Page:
Even though major depression affects more than 21 million Americans, many people have trouble understanding exactly how it affects someone and what causes it. One common misunderstanding is that depression ONLY occurs when something BAD happens to a person, like a death in the family or the loss of a job. While these events can TRIGGER a depressive episode, often times, major depression develops in an individual WITHOUT any preceding specific event. Let's examine the FALSE notion that depression is simply a NASTY case of the blues. Many studies show that depression is caused in part by an IMBALANCE of the neurotransmitters in your brain. These neurotransmitters-namely SEROTONIN, norepinephrine and dopamine-influence our moods and help the brain transmit information, thoughts and feelings. Research also suggests that the neurons in the brains of depressed people don't adapt and grow the same way that they do in non-depressed people. FURTHERMORE, MRIs have revealed that that there are PHYSICAL differences between the brains of depressed and non-depressed people. But there's more research needed to strengthen these theories. These discoveries dispel the myth that depressed people should be able to FORCE themselves to be happy. To correct these neurological and chemical brain glitches and get relief from their symptoms, people with major depression usually need to start-and often STAY with-antidepressants and psychotherapy. That leads me to another myth. Major depression doesn't just GO AWAY on its own. Don't ever wait for this to happen-UNTREATED depression MAY lead to cognitive problems, memory loss, and even physical problems such as headaches and digestive disorder. And, suicide is MORE likely if depression is left untreated. In fact, major depression is the TOP risk factor for suicide in the elderly. Along with psychotherapy, ANTIDEPRESSANTS help depressed people manage their symptoms. But they're also at the center of a common myth-that they somehow erase ESSENTIAL parts of an individual's personality. A 2009 study out of Northwestern University shows that the medications do change personality-but in a GOOD way! In the study, they found that the antidepressant increased the POSITIVE emotions in participants, and DECREASED neuroticism and introversion, which are related to depression. This brings me to another myth. Antidepressants are often erroneously thought of as "happy pills." In reality, these medications aren't "picker-uppers" - they DON'T instantly transform a sad person into a peppy, cheerful one. What they do is normalize chemical imbalances in the brain. Bleak moods, out of proportion to what is going on, can subside and with therapy the person can take on life's ever-changing good and bad events.More »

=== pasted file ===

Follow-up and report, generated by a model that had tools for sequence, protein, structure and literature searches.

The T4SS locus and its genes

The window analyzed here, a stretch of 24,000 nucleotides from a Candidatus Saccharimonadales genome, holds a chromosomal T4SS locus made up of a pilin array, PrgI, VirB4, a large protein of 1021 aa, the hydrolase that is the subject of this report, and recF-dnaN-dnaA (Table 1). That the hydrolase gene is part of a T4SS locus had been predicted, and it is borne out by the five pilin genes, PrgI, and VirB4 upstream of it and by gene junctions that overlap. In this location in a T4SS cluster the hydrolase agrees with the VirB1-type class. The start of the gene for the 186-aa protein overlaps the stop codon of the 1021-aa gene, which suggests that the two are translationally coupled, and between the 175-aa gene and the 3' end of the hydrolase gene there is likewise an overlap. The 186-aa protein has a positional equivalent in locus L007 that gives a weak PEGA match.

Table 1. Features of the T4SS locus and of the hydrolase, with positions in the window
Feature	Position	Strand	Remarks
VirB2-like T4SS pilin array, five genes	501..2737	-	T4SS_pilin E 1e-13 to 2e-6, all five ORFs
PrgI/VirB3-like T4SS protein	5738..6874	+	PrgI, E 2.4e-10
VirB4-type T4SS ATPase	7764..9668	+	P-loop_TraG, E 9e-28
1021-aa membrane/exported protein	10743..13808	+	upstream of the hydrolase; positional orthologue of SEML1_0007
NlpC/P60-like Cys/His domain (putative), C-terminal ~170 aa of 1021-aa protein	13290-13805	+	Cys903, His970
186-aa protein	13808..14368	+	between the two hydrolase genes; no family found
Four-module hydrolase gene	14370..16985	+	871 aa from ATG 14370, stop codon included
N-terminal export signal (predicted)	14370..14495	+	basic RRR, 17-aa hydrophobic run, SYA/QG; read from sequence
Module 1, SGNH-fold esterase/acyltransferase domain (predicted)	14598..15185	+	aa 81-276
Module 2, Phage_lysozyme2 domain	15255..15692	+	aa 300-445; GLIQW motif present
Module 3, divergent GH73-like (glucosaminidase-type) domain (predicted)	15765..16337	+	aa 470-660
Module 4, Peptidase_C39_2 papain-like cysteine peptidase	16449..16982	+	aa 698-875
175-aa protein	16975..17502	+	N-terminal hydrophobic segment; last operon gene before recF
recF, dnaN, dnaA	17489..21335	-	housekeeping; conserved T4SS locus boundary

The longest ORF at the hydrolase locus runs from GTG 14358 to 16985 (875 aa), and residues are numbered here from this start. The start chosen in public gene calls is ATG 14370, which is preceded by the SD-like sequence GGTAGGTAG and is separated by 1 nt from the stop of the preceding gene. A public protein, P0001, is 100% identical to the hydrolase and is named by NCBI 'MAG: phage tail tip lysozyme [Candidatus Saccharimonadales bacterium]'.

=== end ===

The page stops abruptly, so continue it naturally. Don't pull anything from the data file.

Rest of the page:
Last Modified: 2013-06-17 | Tags »
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Chronic stress, elevated cholesterol and lack of exercise can fuel both depression and heart disease. Learn about the depression and heart disease link.
Transcript: Heart disease and depression go hand in hand. If you are chronically depressed, you are at increased...